Knut's Logbook: Dispatches on German Politics | Germany's Super Election Year

2021 is a landmark election year in Germany – we call it a ‘super election year’. What makes this election year different, and why does it matter for the United States and Canada?

After the political drama of the 2020 elections, President Joe Biden and Vice President Kamala Harris have begun their work with the new administration in the United States. Their agenda includes building back better alliances all over the world, including in Europe. But their partners in Europe – and in Germany – are about to change in a big way.  2021 is a landmark election year in Germany – we call it a ‘super election year’. What makes this election year different, and why does it matter for the United States and Canada?      

Just as the 2020 elections in the United States were pivotal, the 2021 super election year in Germany will mark the biggest shift in almost two decades.

Germany is a federal republic with sixteen states, and a federal government that runs on a parliamentary system. This means that Germans don’t directly elect the head of Government – our parliamentarians do. Just like in the United States, the constitution requires a federal election every four years – though sometimes, in the right circumstances, early elections can be called. In September 2021, Germany’s lower house of parliament – called the Bundestag – will be elected, and a new government will be formed. After sixteen years as Chancellor, Angela Merkel will be stepping down.

On top of the Bundestag election, six of the sixteen states are electing their state parliaments and state governments this year.

By design, there is lots of political flux in Germany in 2021. But circumstances have made this year especially important and unusually challenging to forecast:

-    After 16 Years, it will be the end of the Merkel Era – with no clear successor.

-    Many fundamental questions about the political future in Germany remain open

-    And of course - the Coronavirus. It continues to impact all areas of life in Germany, and in many ways this election may be a referendum on the government’s crisis management.


1. The End of the Merkel-era

  • Angela Merkel won’t be chancellor again.

After four full legislative terms – sixteen years – as Chancellor, Angela Merkel is retiring from office. Her retirement is the end of an era for German and European politics, but also has thrown her party, the Christian Democrats, into disarray as they attempt to find new party leadership and pick a candidate for Chancellor. Several MPs from her party have recently been entangled in a series of corruption scandals has only contributed to the sense of crisis for the party.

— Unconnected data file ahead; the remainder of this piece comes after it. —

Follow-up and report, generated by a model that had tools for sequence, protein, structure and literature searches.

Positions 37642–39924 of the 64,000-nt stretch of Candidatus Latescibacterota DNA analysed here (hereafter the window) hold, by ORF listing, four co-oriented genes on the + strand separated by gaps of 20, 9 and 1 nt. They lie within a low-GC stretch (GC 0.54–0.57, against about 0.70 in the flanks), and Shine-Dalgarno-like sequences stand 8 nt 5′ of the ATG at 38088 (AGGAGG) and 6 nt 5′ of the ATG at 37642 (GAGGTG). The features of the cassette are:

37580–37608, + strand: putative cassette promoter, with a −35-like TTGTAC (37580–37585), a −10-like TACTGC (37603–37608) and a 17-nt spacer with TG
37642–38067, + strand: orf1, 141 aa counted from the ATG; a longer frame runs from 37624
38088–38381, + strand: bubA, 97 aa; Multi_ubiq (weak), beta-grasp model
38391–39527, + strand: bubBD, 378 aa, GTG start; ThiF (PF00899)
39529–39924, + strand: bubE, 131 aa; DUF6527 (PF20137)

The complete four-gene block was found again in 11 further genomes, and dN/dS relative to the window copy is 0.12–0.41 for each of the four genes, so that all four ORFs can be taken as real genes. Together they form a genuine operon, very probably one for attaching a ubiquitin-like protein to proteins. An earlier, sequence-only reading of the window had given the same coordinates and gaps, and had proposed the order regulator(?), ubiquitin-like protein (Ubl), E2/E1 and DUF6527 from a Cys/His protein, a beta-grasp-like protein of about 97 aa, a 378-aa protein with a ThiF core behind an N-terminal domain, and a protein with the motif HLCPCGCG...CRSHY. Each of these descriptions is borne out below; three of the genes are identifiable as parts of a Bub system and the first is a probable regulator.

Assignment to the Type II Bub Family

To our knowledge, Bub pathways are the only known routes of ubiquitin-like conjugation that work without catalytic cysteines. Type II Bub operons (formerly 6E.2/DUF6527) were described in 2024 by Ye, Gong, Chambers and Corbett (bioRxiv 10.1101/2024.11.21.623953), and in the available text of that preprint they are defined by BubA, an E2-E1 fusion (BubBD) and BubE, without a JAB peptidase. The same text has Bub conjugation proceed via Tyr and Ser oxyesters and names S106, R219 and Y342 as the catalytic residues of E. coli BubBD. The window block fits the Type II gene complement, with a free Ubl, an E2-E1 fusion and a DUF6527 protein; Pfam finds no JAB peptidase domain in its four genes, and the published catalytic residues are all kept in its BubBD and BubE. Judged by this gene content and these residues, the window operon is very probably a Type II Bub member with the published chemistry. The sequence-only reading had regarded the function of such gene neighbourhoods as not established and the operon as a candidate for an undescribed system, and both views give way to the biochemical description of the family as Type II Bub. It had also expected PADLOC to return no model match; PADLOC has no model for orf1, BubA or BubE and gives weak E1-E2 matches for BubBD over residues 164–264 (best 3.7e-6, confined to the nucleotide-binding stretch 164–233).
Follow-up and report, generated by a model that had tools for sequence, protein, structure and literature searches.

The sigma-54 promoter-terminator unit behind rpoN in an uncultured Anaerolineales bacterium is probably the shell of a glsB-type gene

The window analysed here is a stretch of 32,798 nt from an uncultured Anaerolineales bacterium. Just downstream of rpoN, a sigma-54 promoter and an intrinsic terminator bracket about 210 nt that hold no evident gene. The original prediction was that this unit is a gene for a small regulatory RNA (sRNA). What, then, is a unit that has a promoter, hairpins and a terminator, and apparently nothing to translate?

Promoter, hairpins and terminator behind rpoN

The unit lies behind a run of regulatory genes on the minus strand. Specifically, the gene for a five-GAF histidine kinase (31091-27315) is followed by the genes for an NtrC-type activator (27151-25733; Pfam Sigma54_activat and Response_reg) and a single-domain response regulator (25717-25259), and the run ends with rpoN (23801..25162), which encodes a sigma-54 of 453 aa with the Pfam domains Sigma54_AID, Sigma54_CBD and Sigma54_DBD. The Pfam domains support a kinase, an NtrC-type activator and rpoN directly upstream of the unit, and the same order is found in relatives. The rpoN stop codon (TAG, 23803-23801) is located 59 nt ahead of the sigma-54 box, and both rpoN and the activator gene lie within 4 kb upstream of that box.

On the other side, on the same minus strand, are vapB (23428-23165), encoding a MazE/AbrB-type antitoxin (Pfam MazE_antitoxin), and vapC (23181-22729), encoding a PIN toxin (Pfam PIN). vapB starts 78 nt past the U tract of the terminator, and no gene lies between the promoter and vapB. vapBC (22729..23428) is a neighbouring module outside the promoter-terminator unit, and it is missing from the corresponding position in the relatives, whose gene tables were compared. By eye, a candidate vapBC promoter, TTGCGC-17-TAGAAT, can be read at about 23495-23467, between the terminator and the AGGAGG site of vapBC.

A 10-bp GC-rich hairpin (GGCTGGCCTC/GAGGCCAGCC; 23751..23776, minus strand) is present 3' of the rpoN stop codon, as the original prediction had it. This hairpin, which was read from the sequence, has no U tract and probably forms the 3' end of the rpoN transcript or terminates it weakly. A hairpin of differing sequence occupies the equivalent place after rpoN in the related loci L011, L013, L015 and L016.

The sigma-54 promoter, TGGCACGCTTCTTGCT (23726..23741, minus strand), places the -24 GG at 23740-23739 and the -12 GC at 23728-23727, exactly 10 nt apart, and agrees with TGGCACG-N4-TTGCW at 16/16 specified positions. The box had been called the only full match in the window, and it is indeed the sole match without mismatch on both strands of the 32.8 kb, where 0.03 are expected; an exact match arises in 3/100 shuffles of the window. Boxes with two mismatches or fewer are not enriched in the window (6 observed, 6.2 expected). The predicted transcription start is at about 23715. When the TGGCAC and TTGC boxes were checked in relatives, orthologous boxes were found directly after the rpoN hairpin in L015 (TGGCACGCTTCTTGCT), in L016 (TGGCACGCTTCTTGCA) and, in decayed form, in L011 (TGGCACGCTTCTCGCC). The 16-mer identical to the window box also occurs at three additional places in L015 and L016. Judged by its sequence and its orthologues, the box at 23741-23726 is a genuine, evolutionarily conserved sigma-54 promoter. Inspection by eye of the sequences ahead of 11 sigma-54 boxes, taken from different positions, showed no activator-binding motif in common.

•  Germans don’t directly elect the Chancellor 

The German electoral system works under the principle of proportional representation, and doesn’t allow voters to directly elect the Chancellor. Instead, voters cast two main votes: a vote for an individual party candidate, and a vote for a political party slate of candidates. With no incumbent Chancellor trying to defend their office, an incumbent advantage does not exist.

  •  Many parties of near-equal strength in current polling

Decades of relative stability in German federal politics appear to be a thing of the past, as the party landscape becomes more complex and competitive. The two historic ‘big tent’ parties – the SPD (social democrats) and the CDU/CSU (Christian democrats) – now have to contend with powerful upstarts from across the political spectrum. This means that a coalition government is a near-certainty.


2. Fundamental questions about the future

  • A new leader in Germany, a new leader in Europe

With Merkel not running for office again this fall, there will be a new head of the German government – a high-profile role in European politics. However the election turns out in September, the next Chancellor will be an influential new leader in Europe, shaping the agenda on the continent and in the European Union. But we don’t know yet who this new leader will be.

  • Unpredictable domestic political dynamics

All of these factors – no incumbent candidate, a competitive party landscape, and volatile domestic political issues – have combined to make this the most unpredictable election year in recent memory.  

  • Opportunity for Social Democrats

The SPD has been a junior coalition partner in three of four of Merkel’s governments – and has achieved some major policy gains, from establishing the first minimum wage in Germany, to marriage for all. In addition, social democrats govern many of Germany’s large cities. People know the social democrats will defend public goods and social security programs during and after the pandemic – just as we did before the pandemic. Current crises require state involvement and competence to protect jobs and workers. The super election year may be an opportunity for social democrats at all levels to showcase their strengths to voters who have a new appreciation for the role of government in the wake of the pandemic.


3. Coronavirus Referendum           

When it comes down to it, this election will also be a referendum on the management of the coronavirus crisis. Voters will reward what they perceive to be as competence and compassion, and punish incompetence. As Germany lags behind other European countries in the vaccination race, voters will be taking note.


Thanks for reading- this is just the first logbook on German politics in this super election year. Until next time, Tschüss from Washington!

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